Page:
Gunlord X Review

Share Review

Retro fans of old are in for a treat with Gunlord X. If you’re familiar with Turrican, then this could be your next purchase on the PS4 as it might as well be a port from the past. From the scanlines, sprite animation and soundtrack, this is a clear reworking of what worked well for this sort of game in the 90s, and it’s a worthy addition if that sounds like your thing.

After a brief story sequence setting up the forgettable story, your character is thrust into the action straight away. It was genuinely exciting to find that the minute I fired my gun in the air, hidden platforms appeared that allow you to leapfrog to one another while collecting the power-ups in the process. There’s no waiting for any decent sort of weapon either as within the first five minutes; I went through a selection that would put Turok to shame. Ok, that’s an exaggeration – the guns in Turok would take out a planet.

The muscle memory from Turrican 2 and similar kicked in from the outset, and with the left stick I could aim in eight different directions (down only when jumping), with said jump being the X button. With triangle, you roll up into a ball and dash around the levels pretty quick in an armadillo-type shell, but it uses up an energy gauge at the bottom of the screen. This refills after you use it, and as a retro game, there’s no cooldown, as such. Scratch that – it’s an old school cooldown as you still have to wait.

As there were no tutorials (who needs them?), I didn’t realise the function of the right stick as hit it in error. As the aim is already covered by the left stick, with the right stick, you shoot out a beam, wiping out everything in your path. Again, it dips into the gauge at the bottom of the screen. Finally, there’s a sideflash that can be activated with the circle button which fires left and right at anything on-screen, only beware that it has limited use.

The colour palette does create a few problems when trying to decipher what’s on-screen. With Turrican, it was greys, blues and reds, but Gunlord X is very green and purple. Your character is like Predator when standing in vegetation, as quite hard to see, which is a shame as the sprites in the game are excellent. This also applies to the hand-drawn backgrounds and assets. A lot of the statues and structures you encounter look like its straight out of a Psygnosis game such as Shadow of the Beast. Scanlines really do make it all more worthwhile in terms of aesthetics, but if that’s not your thing, you can remove the filter in the menu, along with setting a wallpaper and the vertical scale of the screen.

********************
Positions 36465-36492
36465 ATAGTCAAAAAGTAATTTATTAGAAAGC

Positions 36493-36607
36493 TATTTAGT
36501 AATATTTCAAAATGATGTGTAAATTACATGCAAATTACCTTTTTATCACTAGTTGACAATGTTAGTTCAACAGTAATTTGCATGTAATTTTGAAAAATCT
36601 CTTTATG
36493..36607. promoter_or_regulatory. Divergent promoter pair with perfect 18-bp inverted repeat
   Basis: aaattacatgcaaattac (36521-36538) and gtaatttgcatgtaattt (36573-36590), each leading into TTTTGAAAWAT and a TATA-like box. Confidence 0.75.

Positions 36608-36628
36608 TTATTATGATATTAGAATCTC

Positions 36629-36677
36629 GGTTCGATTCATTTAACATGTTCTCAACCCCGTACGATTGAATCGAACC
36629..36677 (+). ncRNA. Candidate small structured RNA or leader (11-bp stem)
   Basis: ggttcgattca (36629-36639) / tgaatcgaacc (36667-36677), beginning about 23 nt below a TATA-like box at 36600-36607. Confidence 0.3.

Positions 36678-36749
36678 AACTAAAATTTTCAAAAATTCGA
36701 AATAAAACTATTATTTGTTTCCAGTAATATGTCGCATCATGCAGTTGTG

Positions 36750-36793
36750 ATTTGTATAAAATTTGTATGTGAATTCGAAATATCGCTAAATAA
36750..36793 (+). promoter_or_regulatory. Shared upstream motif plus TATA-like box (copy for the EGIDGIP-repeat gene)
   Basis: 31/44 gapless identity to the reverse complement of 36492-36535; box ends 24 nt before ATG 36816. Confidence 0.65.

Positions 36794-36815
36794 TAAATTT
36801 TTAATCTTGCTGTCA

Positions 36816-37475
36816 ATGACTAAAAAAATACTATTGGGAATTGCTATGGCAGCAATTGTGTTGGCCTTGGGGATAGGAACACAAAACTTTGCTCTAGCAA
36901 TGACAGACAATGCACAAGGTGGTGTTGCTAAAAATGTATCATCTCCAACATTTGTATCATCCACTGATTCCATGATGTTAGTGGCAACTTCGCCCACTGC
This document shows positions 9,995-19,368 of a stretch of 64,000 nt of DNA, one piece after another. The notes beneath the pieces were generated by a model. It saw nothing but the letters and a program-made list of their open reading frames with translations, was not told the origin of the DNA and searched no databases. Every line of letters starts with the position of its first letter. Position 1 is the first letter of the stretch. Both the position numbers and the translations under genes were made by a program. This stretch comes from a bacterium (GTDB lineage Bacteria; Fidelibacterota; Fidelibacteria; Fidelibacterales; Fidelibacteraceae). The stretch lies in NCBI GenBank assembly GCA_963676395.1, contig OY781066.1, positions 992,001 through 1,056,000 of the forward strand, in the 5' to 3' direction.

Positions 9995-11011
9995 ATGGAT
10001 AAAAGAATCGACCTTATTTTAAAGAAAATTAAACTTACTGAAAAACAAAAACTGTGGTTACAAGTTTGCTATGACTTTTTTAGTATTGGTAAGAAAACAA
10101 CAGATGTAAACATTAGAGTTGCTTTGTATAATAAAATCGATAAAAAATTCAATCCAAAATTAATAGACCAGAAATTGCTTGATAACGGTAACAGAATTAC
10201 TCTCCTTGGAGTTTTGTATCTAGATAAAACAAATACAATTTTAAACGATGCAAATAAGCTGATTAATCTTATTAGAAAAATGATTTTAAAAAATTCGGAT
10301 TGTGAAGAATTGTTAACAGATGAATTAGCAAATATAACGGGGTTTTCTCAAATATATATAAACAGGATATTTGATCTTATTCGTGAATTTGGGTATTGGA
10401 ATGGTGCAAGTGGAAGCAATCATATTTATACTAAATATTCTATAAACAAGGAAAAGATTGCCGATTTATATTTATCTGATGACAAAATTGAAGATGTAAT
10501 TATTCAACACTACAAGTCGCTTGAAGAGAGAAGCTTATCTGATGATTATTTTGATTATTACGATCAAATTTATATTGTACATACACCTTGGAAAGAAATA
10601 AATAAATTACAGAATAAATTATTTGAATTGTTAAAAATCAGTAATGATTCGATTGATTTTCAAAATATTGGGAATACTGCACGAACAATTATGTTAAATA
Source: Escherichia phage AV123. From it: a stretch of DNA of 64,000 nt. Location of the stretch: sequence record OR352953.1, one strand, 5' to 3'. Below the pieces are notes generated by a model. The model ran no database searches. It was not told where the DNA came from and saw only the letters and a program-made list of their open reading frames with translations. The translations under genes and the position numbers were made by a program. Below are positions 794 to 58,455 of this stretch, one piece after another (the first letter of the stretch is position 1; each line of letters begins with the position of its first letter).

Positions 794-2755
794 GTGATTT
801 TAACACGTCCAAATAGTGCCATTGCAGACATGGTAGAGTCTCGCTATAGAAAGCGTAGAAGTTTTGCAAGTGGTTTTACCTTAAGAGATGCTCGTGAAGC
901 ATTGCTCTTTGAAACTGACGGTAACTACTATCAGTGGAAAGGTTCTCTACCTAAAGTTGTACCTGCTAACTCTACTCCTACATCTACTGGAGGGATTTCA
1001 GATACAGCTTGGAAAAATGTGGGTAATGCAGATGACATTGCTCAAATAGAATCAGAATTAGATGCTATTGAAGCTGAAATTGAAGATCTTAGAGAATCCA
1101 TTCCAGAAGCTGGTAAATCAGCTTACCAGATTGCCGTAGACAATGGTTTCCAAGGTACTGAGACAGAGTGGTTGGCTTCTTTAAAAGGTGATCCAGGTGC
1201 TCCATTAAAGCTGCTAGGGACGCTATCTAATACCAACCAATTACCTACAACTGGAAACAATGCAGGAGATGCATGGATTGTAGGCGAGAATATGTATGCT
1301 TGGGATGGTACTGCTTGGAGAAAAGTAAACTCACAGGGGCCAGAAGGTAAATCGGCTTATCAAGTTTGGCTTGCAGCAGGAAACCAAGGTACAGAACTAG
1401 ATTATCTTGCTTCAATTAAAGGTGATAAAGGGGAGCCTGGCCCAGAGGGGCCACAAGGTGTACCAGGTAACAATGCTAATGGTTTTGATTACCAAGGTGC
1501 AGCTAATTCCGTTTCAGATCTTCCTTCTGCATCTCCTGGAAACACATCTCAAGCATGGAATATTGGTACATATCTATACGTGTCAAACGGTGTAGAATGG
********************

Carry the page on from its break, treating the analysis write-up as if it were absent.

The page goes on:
Levels in Gunlord X are pretty large with plenty to explore for a 2D action platformer. When you do eventually make a decent amount of progress in a level, you’ll reach one of the bosses. While they aren’t as big as those in Shadow of the Colossus, they take up a lot of the screen and take plenty of hits. Of course, they hit pretty hard, but if you have the patience to learn their patterns, they are beatable, though it won’t be easy. You can come back to areas to improve on your score and all, but the caveat is you have to beat the level first. There are about a dozen levels in total, and they’ll certainly keep you busy with apparently 60+ enemies, but the bulk of them are quite forgettable, and you can’t distinguish them from one another. That mostly applies to the smaller enemies more than the larger ones; which are naturally, very cool.

You could argue that I like the game so much because of associating it with classic 16-bit titles, and while that does ring true and may seem biased, these games were fundamentally great because of the gameplay. This applies to Gunlord X. It’s not a fad pixel art style, the music isn’t the drab Muzak you hear in a lot of indie titles these days, and the controls are tight. Yes, the platforming sections are tricky and often lead to some grown-up sulking at times, but at least there isn’t a timer on-screen. There are limited continues, however, and to get more, you need to collect the larger crystals that are scattered throughout the levels – and believe me when I say there’s a lot to collect; this would undoubtedly add to the length you’ll play the game.

My biggest criticism boils down to my inability to progress, and that one’s on me. When these games got tough in the past, you could usually put in a trainer-like cheat or use an Action Replay or Game Genie to get infinite lives. Gunlord X is the kind of title that I would happily cheat so I could get further in the game. The story isn’t all that compelling, but the gameplay is just great. Getting so far to only run out of lives and continues is frustrating, but warrants a bit more practice. So yes, Gunlord X is quite a challenging game but not for the sake of it. Once you learn the mechanics and don’t do fooling yourself into some gung-ho speedrunning (unless you’re good at that), it’s a gratifying experience.

REVIEW CODE: A complimentary Sony Playstation 4 code was provided to Bonus Stage for this review. Please send all review code enquiries to

Subscribe to our mailing list

Get the latest game reviews, news, features, and more straight to your inbox

Thank you for subscribing to Bonus Stage.

Something went wrong.

Gunlord X Review
  • Gameplay - 9/10
  • Graphics - 9/10
  • Sound - 9/10
  • Replay Value - 8/10


Arguably one for retro fans and those who played the likes of Turrican 2 in the past, Gunlord X is an excellent action platformer well worth your attention. If this sounds like the type of game you’re into, you won’t be disappointed.


  • Classic action platform mechanics.
  • Perfectly recreated retro presentation.
  • Power-ups are frequent and enjoyable to use.


  • Pretty difficult; limited continues.
  • Weak story.

Share Review